In one of my previous blog posts, my goal was to test a large scale model by covering the Infraworks to Stingray workflow. This time, my thirst for knowledge led me to investigate another massive model importing workflow: Navisworks to Stingray. Can we easily import a Navisworks model into st
Stingray? Let’s find out!
Navisworks is mainly used in the construction industry to combine 3d models originating from various sources. It allows users to review their projects, detect impediments and simulate construction phases.
To get started, I opened the Eircom Park Navisworks sample file and exported it as an FBX file. I chose to include textures, lights and cameras. I didn’t want to use the polygon limiting option since I was planning to optimize the geometry in 3ds Max. The model isn’t spectacular, but for testing purposes, it’s perfect.
As I imported the FBX file in 3ds Max, I could see that this was going to be challenging. I had to deal with over 12000 elements and more than 5400 materials. For better performance in a real-time game engine, it’s always better to minimize the number of materials and objects in a scene. First, I put all the cameras on a separate layer (in case I wanted to use them to frame specific viewpoints in Stingray). I also made use of the Selection Filter to restrict all 6700 helpers.
I then checked the information in the 3ds Max scene by typing sceneMaterials.count in the MAXScript Listener window. Looking at the result I saw that my scene contained 5435 materials and 5435 separate objects. In fact, each object had a unique material assigned to it, which would drastically reduce my scene’s performance in a real-time engine. The best way to resolve this problem was to use a bit of MAXScript. Unfortunately I don’t have much knowledge of MAXScript, so I asked my very talented colleague Martin Ashton to lend me a hand.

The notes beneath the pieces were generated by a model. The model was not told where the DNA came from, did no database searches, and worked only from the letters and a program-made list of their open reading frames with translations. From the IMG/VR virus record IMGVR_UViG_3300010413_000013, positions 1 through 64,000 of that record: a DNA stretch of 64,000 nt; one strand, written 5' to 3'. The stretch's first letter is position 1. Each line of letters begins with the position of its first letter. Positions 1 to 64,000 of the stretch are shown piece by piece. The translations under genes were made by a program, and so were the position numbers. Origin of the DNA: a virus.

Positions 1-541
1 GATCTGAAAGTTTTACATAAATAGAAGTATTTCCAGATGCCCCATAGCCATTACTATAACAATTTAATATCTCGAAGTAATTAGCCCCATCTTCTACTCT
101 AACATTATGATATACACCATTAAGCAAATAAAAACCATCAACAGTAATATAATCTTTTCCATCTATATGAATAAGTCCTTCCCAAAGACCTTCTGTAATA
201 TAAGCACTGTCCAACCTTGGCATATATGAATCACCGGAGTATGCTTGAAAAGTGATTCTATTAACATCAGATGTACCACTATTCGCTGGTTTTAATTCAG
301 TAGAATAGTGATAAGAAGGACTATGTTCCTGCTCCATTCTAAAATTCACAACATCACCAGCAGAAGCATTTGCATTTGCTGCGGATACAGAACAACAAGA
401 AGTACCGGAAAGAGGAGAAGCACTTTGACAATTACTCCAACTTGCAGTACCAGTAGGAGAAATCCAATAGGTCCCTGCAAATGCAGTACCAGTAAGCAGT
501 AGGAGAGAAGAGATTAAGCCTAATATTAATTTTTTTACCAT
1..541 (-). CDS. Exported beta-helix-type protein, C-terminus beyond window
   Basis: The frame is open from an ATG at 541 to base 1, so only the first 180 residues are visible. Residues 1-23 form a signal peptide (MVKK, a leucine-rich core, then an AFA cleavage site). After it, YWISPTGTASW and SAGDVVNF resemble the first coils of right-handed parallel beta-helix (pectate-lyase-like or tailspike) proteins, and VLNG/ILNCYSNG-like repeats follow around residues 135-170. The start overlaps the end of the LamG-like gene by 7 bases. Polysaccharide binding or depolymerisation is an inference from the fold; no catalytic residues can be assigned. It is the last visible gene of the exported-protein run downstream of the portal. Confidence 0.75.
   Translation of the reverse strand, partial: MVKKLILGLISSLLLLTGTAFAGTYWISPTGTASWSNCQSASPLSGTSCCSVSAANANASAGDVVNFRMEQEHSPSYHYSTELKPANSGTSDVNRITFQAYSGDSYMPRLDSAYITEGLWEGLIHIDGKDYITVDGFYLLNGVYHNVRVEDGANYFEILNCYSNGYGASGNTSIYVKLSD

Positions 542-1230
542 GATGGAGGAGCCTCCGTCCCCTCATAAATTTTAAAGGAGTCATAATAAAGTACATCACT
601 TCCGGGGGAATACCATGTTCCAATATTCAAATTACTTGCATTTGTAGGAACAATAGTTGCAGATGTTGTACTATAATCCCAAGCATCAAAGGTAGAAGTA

At this point, the solution could be broken down into two main steps: (1) remove the duplicated materials, and (2) reduce the number of individual objects. In light of this, Martin wrote two scripts for me. The first one combined all the materials with the same name into a single master material. The second one attached all the objects with the same material into a single mesh.
After running the first script (?unique_materials_by_name.ms Click here to download?), it seemed like nothing happened. However, after saving the file and re-typing sceneMaterials.count in the MAXScript Listener window, the number of materials was down to 151. Running the second script (merge_polys_by_material.ms Click here to download) took a bit more time, but once the merge was complete, the number of objects was also 151. This was perfect!
During the FBX import process inside Stingray, I chose to omit animations and skeletons since my scene did not contain any animations. Doing otherwise would cause Stingray to create a skeleton joint for every object in the file.
After the import process had completed, I dragged the stadium unit from the Asset Browser into the Level Viewport.
At a closer glance, my Stingray project still contained quite a few materials. After a bit of detective work, I discovered the main offender: the VIP lounge within the stadium. I didn’t need it for my project, so I deleted this room inside my 3ds Max scene. The trees also looked uninspiring, so I chose to delete them as well.
To refresh my changes in Stingray, I selected the Update function from 3ds Max’s Stingray menu. Looking at my stadium in Stingray, I could see the trees had correctly disappeared.
However, this update process had left some orphaned materials in my Asset Browser. Although the VIP lounge meshes were deleted in 3ds Max, there were still 152 items remaining in my Import folder in Stingray, most of which were materials. At this point, the fastest way to keep my Stingray project clean was to delete the stadium assets in the Asset Browser and to re-send the stadium from 3ds Max. By re-sending my stadium into Stingray, I now only had 84 items in my Import folder, indicating I no longer had orphaned materials from the deleted VIP room. Perfect! I could now begin to edit my materials in Stingray and start adding more interactive content, which we’ll be covering in a later post.